Madden NFL ’94
For how groundbreaking John Madden Football ’93 was, it’s amazing how much of a leap this series takes when jumping one year and also between platforms (from the Sega Genesis to the Super Nintendo).
It starts right as the game loads with the famous EA Sports “It’s In The Game” audio tagline and animation. Seeing this over 25 years later just sent chills down my spine as to what I’m about to review…
Obviously the SNES graphics are leaps and bounds over the Genesis just based on hardware, but it’s the included audio, mainly speech elements, that start sending you into a tizzy. This game has such refined menus and elements it’s pretty crazy.
Just choosing teams beyond the start menu shows you a huge upgrade in visuals. John Madden gives you a briefing over a panning stadium shot with moving fans. It’s text-based but still light years beyond what any sports simulation was doing at the time.
Even the referee coin toss moves to dedicated animations rather than just showing players on the field.
The “regular season” mode still relies on a password system in this edition. There are the usual modes such as sudden death or recreating the 1993 playoffs (or pitting former Super Bowl championship rosters against one another).
It’s also cool to flip through and see how each position group matches up against one another. Madden was always stat-based, but this is when I first truly remember seeing it as a player and taking it into consideration when deciding plays and more.
Speaking of plays, “flip play” is introduced in ’94 with one particular pass play allowing for a wide-open receiver 100% of the time – the bug was exploited to death by me playing with then perennial Super Bowl champions the Dallas Cowboys and their “flipped receiver” being Alvin Harper (although due to lack of an NFLPA license, only player’s numbers were shown and not their names.)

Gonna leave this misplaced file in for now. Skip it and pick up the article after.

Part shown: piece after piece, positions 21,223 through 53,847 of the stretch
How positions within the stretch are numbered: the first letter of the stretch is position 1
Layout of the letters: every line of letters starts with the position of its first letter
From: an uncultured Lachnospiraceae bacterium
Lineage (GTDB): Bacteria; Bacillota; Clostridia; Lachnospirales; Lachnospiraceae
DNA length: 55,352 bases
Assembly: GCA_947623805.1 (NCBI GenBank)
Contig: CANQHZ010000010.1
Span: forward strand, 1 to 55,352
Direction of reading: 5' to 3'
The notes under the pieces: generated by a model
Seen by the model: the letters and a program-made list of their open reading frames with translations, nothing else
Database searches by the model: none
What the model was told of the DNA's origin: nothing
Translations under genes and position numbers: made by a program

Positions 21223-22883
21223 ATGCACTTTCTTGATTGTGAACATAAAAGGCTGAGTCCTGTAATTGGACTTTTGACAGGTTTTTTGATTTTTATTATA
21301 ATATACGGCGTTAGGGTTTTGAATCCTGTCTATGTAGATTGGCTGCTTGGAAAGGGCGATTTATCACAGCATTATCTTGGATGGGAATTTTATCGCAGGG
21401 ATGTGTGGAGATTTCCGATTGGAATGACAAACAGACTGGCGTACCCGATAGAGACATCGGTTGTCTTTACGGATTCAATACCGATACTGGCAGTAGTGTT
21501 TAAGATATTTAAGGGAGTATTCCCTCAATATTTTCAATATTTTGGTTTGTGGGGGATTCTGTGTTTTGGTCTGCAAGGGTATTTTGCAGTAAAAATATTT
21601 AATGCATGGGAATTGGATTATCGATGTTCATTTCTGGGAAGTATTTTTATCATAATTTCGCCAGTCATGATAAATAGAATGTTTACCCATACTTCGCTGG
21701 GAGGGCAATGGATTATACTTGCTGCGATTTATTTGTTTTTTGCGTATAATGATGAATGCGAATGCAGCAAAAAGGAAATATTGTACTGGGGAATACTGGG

The screen also flips, or shall I say rotates, during kicking plays and turnovers, in a way that the team with the ball is always at the bottom of the screen playing toward the endzone at the top.
Instant replays also allowed you to rotate the screen 360 degrees, which was breathtaking in itself – but you could also highlight a dedicated player and watch the entire play, in slow motion or full speed, and see where the play breaks down (as it does with my Steelers safety blitz below in the screencaps!)
Fans cheer. Fans boo. Heck, you can even turn “Maddenisms” off if you choose to.
But go get buried in the pause screen (or halftime – complete with a “halftime show”) and you can relive all of your stats, which goes well beyond what was in the previous iterations of the game, even breaking down pass completion percentages and some other advanced statistics.
In other words, this wasn’t your usual Tecmo Bowl arcade-style game, but turning into a full-fledged simulation where throwing into double coverage often resulted in interceptions and relying on higher-rated players in order to make, or break, a victory.
It gets even better with subsequent years, but its easy to see how Madden started to establish itself as a yearly update and must-have game each season due to the amount of upgrades packed into ’94. In fact, this game is so much fun to relive, I highly recommend retro gamers check it out.